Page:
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EricJergensen

Burnt Steel - what's happening metallurgically?

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What is happening to the metal? Some kind of lattice change that only melting resolves? Can it become "burnt" in an inert atmosphere (is it oxidizing)? Does pure iron do it (or does it somehow involve the carbon)?

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Burning is oxidizing but fast, rusting is the same process including producing heat. Burning is just faster and a lot hotter. Yes, both iron and carbon burn. When you see a spark shower that's generally mostly iron but the decarburizing the bladesmith guys are always talking about is the carbon burning out of the surface of the steel.

 

No, things can't burn in an inert atmosphere.

 

I probably should've let one of the blade guys answer but I'm feeling impulsive. <wink>

 

Frosty The Lucky.

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Another problem with overheating steel is runaway grain growth. IIRC there was also something bad happening at the grain boundaries.

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What happens at crystal boundaries has to do with how force is conducted, (transmitted?) Any disruption in the smooth or uniform structure, be it molecular or structural focuses the force. A good live example is to have someone stand on an aluminum can on end. The person has to apply the pressure of his/er weight evenly on the can and step up slowly. I figure under 150lbs is plenty. Anyway with the person standing on it the can supports him/er just fine. Now take a sharp pencil and touch the side of the can, about as hard as you'd press to write and the can will collapse flat.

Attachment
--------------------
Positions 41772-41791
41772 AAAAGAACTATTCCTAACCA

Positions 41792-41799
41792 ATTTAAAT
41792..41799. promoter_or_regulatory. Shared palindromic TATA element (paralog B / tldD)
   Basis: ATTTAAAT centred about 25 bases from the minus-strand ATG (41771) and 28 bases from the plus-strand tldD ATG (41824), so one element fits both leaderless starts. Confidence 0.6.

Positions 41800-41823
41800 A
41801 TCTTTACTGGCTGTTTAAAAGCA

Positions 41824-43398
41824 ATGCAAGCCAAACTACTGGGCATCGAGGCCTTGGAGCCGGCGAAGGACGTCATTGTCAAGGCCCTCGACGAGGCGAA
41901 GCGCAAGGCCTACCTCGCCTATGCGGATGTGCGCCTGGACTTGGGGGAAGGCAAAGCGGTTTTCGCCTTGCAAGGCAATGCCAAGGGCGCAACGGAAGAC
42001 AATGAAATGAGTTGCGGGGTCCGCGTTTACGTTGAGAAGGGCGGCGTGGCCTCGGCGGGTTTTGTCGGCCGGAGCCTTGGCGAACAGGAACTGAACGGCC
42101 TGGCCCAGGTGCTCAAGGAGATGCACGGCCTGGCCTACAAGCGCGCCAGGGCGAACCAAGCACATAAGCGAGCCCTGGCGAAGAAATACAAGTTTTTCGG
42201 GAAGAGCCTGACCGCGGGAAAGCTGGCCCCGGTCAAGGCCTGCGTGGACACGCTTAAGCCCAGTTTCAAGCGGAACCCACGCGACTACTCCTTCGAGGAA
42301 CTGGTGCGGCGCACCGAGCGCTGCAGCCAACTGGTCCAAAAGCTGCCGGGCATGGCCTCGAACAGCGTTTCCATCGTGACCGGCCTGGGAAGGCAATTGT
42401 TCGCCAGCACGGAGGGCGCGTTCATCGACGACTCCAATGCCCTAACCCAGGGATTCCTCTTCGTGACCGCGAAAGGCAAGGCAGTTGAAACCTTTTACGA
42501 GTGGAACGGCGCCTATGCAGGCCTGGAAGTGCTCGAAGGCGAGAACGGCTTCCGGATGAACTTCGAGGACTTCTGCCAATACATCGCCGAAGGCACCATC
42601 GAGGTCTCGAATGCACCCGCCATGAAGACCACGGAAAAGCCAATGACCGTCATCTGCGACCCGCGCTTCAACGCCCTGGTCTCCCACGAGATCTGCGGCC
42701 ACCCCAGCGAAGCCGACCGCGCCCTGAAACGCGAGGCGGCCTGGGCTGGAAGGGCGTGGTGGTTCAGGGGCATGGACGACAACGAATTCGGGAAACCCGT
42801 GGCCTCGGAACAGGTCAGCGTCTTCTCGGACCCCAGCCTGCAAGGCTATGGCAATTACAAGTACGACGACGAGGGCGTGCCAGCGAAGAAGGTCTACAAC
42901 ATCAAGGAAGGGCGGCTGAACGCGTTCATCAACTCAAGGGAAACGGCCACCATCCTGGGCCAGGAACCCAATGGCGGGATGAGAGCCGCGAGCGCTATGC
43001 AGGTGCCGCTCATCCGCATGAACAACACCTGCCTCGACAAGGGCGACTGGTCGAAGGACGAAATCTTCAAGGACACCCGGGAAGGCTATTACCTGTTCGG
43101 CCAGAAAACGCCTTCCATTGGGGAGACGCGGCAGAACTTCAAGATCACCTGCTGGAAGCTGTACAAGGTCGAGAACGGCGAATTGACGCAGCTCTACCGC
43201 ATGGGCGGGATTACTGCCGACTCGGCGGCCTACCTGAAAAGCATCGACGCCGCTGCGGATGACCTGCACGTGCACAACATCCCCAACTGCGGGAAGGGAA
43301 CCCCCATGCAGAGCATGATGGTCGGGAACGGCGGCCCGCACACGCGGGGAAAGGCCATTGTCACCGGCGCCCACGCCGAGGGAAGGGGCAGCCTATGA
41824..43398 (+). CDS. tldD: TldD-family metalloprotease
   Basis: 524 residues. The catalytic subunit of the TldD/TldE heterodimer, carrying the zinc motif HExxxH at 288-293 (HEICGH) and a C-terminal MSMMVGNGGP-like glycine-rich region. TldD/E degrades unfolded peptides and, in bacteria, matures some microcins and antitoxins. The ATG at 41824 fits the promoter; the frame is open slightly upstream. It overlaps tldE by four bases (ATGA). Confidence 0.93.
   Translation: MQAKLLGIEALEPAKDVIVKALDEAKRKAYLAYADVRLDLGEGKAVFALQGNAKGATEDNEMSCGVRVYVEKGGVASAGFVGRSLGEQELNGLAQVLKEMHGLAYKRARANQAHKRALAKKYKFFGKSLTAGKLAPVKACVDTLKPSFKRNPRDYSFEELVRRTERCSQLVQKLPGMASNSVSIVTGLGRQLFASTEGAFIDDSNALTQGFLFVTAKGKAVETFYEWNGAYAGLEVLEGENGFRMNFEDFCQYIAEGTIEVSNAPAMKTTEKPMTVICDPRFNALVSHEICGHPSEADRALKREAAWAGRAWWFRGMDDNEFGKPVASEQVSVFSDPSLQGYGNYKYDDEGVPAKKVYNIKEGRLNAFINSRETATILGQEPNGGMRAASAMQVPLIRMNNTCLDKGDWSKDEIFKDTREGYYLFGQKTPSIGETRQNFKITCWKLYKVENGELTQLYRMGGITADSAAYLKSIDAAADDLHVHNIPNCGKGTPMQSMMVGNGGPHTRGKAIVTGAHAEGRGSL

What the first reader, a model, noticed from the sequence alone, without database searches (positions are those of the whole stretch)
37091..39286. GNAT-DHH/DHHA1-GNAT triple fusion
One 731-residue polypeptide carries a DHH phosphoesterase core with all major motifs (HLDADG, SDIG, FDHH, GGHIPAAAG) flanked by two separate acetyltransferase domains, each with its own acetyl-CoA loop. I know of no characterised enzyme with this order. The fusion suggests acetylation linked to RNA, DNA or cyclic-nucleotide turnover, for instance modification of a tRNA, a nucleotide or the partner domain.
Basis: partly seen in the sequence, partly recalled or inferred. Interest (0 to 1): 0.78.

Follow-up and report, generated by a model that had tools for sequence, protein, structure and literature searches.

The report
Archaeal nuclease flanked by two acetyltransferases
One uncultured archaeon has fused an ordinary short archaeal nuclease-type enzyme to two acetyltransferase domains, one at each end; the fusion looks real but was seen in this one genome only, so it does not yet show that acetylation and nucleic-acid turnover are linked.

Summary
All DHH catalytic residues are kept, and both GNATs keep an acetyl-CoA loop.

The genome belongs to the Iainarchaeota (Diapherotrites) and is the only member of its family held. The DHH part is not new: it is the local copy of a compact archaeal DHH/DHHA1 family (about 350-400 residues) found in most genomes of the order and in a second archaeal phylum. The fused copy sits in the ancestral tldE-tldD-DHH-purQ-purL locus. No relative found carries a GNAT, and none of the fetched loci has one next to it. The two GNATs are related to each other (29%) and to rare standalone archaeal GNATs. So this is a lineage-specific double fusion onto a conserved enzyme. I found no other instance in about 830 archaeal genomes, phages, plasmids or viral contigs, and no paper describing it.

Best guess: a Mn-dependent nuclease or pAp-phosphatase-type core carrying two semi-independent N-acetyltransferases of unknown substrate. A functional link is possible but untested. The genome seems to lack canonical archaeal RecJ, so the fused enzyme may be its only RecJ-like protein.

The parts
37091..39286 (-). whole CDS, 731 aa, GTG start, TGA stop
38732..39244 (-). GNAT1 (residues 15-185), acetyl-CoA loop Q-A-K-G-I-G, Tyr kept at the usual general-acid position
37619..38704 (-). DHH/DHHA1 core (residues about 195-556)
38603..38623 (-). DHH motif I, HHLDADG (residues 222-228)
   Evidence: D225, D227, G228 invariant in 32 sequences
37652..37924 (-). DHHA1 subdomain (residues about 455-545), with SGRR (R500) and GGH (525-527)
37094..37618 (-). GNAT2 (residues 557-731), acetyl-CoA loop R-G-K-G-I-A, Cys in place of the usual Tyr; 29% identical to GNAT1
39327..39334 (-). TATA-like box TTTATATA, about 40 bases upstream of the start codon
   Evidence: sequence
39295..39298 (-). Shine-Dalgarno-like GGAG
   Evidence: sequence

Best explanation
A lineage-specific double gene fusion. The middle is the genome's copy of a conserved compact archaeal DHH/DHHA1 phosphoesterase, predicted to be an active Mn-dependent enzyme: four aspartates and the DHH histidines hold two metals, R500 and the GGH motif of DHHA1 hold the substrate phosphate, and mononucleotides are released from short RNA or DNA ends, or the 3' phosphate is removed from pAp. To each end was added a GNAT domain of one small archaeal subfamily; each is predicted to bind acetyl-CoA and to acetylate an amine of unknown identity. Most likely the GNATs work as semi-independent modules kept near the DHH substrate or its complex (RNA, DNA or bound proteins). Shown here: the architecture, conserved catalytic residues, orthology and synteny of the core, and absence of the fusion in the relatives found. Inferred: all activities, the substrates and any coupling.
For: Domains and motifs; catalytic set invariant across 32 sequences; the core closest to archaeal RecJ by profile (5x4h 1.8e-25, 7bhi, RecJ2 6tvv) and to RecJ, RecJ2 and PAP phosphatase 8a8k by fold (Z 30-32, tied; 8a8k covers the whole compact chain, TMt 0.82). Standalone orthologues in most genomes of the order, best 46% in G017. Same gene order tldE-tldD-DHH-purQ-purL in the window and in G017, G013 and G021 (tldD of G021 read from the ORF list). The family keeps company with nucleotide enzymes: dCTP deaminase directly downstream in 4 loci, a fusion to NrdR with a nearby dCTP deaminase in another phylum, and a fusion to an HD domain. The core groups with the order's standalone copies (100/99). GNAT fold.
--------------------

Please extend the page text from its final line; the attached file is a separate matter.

The tiny flex/dent is a stress riser and all the weight is conducted to that point and far exceeds the structural strength of the can and it collapses. This is also exactly how they implode large buildings and why in spite of Movies a sky scraper can NOT fall over, once it starts to go it will go straight down. Maybe more messy than a designed demolition but it can't tip over.

 

Back to steel and grain growth, (crystal growth) Steel is a mechanical structure on a molecular level and any defects in a uniformly smooth material provides stress risers, just like a forged square inside corner or nick. The larger the crystals the larger the risers and the more likely one will become a failure initiation point and that's it.

 

The smaller the crystal structure the more flexible it can be so stresses can be carried around or the steel can just yield. The less carbon in steel the less it can crystallize, (harden) the less it'll work harden and the easier it can yield.

 

When flexion exceeds an alloy's rebound strength it starts to yield even though it may return to it's initial shape. What happens internally is the molecules are moved and not just flexed but physically slid around, making them find new arrangements with each other The easiest (lowest energy) way for iron/carbon molecules to arrange themselves is on their valence bond sites and they arrange themselves in orderly sets. Crystals. Crystals have stronger bonds to other crystals and these are the boundary sites and are far less flexible; brittle.

 

Geeze I got windy on that one. <sigh>

 

Frosty The Lucky.

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When I learned oxy/acet cutting there was a lot of talk about the kindling point or auto-ignition temperature. this is the temperature of metal where oxygen will directly bond and oxidize. the kindling point is not fixed in stone it varies depending on the surface area exposed to oxygen (dust and powder will kindle at a very low temperature).

 

There is a couple of things happening in a forge.

firstly burning is exothermic, it releases energy, this extra heat speeds up the burning process.

Secondly the metal surface increases in roughness exposing more molecules to oxygen and lowering the auto-ignition temperature further.